Bulldogs were originally used to hold cattle. Additionally, they were used to guard property and battle dogs. But people began to select shorter, larger-jowled dogs that could control bulls by grabbing their noses. These faster, smaller dogs could avoid getting stepped on better and were more cost-effective than Mastiffs. Soon, these bulldogs became specialists at bullbaiting, working in pairs before a blood sporting crowd.
The different bulldogs and bull terriers were created in the 1830s due to a crackdown on an ancient animal cruelty statute.
When bullbaiting was banned, the Olde English Bulldog became useless. However, people who liked the look of these dogs decided to create a new breed of Bulldogs. The exaggerated features made them look attractive, like large undershot jaws and short bowed legs. Breeders also selected docility over ferocity. Even though they lost their athleticism, the Bulldogs remained loyal and determined. A breed standard began to form with the foundation of the Bulldog Club of England in 1878.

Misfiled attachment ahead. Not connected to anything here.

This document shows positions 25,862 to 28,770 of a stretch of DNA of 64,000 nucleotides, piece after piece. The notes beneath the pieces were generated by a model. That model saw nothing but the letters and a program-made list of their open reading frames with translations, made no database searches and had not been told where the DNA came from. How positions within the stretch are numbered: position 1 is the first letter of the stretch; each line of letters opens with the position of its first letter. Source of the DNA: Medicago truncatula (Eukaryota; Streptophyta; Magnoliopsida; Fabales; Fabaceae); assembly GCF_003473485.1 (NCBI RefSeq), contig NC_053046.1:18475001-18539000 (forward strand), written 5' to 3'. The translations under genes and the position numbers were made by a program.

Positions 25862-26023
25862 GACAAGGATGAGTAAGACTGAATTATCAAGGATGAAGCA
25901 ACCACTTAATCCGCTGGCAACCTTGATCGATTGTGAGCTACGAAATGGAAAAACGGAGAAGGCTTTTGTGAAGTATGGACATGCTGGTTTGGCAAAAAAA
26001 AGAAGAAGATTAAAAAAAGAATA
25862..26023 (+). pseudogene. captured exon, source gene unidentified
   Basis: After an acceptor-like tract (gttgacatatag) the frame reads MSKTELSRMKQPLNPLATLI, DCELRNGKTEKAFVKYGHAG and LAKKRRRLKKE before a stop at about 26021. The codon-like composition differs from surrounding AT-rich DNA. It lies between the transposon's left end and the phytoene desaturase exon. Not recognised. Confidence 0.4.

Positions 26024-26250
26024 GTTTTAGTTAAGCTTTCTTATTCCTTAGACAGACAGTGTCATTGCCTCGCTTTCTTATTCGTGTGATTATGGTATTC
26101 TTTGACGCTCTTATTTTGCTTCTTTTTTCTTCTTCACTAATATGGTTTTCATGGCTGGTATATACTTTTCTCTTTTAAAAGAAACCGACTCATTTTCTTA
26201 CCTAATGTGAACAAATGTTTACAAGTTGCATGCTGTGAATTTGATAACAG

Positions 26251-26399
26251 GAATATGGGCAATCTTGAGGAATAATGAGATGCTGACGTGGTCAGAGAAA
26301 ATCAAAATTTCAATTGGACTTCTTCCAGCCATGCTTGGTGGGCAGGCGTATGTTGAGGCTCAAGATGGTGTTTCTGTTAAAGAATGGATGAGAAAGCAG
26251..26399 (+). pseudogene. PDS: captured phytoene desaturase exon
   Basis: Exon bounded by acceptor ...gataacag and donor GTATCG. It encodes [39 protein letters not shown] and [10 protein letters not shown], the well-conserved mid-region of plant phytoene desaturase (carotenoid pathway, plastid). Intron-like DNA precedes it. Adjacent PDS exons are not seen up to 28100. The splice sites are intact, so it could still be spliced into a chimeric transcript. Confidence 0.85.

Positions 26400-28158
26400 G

The AKC accepted the Bulldog in the nonsporting group in 1886. The British Bulldog Club followed in 1892 and linked the breed to the UKC.
French Bulldogs, or Frenchies, are a type of dog originating from the English Bulldog. These Toy Bulldogs became popular in the mid-1850s as companion dogs. They were bred by crossing the Olde English Bulldog with Pugs, a popular thing to do among people who preferred smaller pets.
The Toy Bulldog was notably famous among Nottingham’s lacemakers. They were displaced to Normandy, France, during the Industrial Revolution. They brought their dogs with them and also imported miniature Bulldogs from England.